You really have very little area for plants. Aquascapes similar to yours usually have mostly carpet plants, with few taller plants. You also have a very steep slope in the substrate, which can be hard to keep intact. The substrate always tries to flatten - the particles have nothing holding them in place, so the movement of the water tends to cause the substrate to migrate towards a level plane. Are you planning to add more substrate, so you have at least 25 mm of substrate depth at the front?
great observation. I was worried about that :( Do you know if it's the same with Ada Amazonia soil? I find it's quite heavyish. Also planning on putting aesthetic white sand in the front at the very end. And didn't want it to mix with the slope. It's only going to be 1-2cm(1inch). not even. very thin.

So really don't want to much more height in the front for that reason.

Regarding holding the slope, do you think carpet plants, heavily planted, + some of my hardscape pieces like the rocks and wood will hold the slope from moving down?

For the small area for plants, here's the top view, do you still think it is quite limited? I was thinking I had quite a bit of space for background plants like rotundofolia, but lacking space in midground.
 

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Discussion Starter · #11 ·
great observation. I was worried about that :( Do you know if it's the same with Ada Amazonia soil? I find it's quite heavyish. Also planning on putting aesthetic white sand in the front at the very end. And didn't want it to mix with the slope. It's only going to be 1-2cm(1inch). not even. very thin.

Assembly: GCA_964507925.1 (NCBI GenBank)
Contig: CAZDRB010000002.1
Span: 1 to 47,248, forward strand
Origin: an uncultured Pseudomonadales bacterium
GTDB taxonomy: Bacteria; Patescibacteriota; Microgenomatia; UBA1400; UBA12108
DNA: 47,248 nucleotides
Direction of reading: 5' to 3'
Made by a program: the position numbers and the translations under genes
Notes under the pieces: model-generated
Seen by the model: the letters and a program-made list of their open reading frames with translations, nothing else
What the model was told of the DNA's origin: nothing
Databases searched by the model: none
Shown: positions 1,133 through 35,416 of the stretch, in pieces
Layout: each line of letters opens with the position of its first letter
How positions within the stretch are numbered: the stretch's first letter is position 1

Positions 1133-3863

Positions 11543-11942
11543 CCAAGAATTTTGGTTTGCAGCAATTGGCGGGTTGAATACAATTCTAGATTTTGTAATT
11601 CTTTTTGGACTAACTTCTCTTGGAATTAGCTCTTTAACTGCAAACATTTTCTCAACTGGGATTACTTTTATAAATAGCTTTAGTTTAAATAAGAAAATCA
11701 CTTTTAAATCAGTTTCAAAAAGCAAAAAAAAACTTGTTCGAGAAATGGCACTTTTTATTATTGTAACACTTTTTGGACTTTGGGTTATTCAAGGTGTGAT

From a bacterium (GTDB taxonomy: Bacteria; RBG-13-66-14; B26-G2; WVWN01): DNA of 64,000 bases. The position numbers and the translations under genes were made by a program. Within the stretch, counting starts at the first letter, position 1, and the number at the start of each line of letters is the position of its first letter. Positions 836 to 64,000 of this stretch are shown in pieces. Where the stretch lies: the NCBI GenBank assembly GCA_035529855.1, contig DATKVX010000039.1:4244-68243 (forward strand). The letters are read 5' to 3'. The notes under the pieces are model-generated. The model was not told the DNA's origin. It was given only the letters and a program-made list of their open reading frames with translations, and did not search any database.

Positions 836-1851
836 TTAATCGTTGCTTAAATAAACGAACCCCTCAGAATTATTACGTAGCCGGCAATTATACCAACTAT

So really don't want to much more height in the front for that reason.

Regarding holding the slope, do you think carpet plants, heavily planted, + some of my hardscape pieces like the rocks and wood will hold the slope from moving down?

For the small area for plants, here's the top view, do you still think it is quite limited? I was thinking I had quite a bit of space for background plants like rotundofolia, but lacking space in midground.
Would substrate supports help? such as plastic pieces.
 

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You can fit plants in the available areas, but it can be hard to keep the background plants from overgrowing and dominating the hardscape. If you want to try it go ahead - the goal we all have is to have what we think looks best. I found that ADA Aquasoil was pretty good at holding a slope, but I never tried it with that much of a slope. The problem is that it is natural for slopes to level out when moving water is there. I'm sure it would be fun to watch what the tank does when it has growing plants in it.
 

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Many of us never expect an aquascape to last more than a year or so, because we always want to try something, and our "person who shares our house" doesn't want another aquarium in the house. So, it is entirely possible that even a steep slope will last that long with Aquasoil.
 

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ok I've been staring at this for a few days now. This is just my two cents and take it for what it's worth and if you like it it's your tank. The three small stones in the front right first off and to close together and don't match the rest of the rock. The rocks in the back left seem to close to the glass. Like I said just my two cents. Other than that I think you have a great start. You could always put a nice red tiger lotus in just off-center to the left for a good focal point.
nice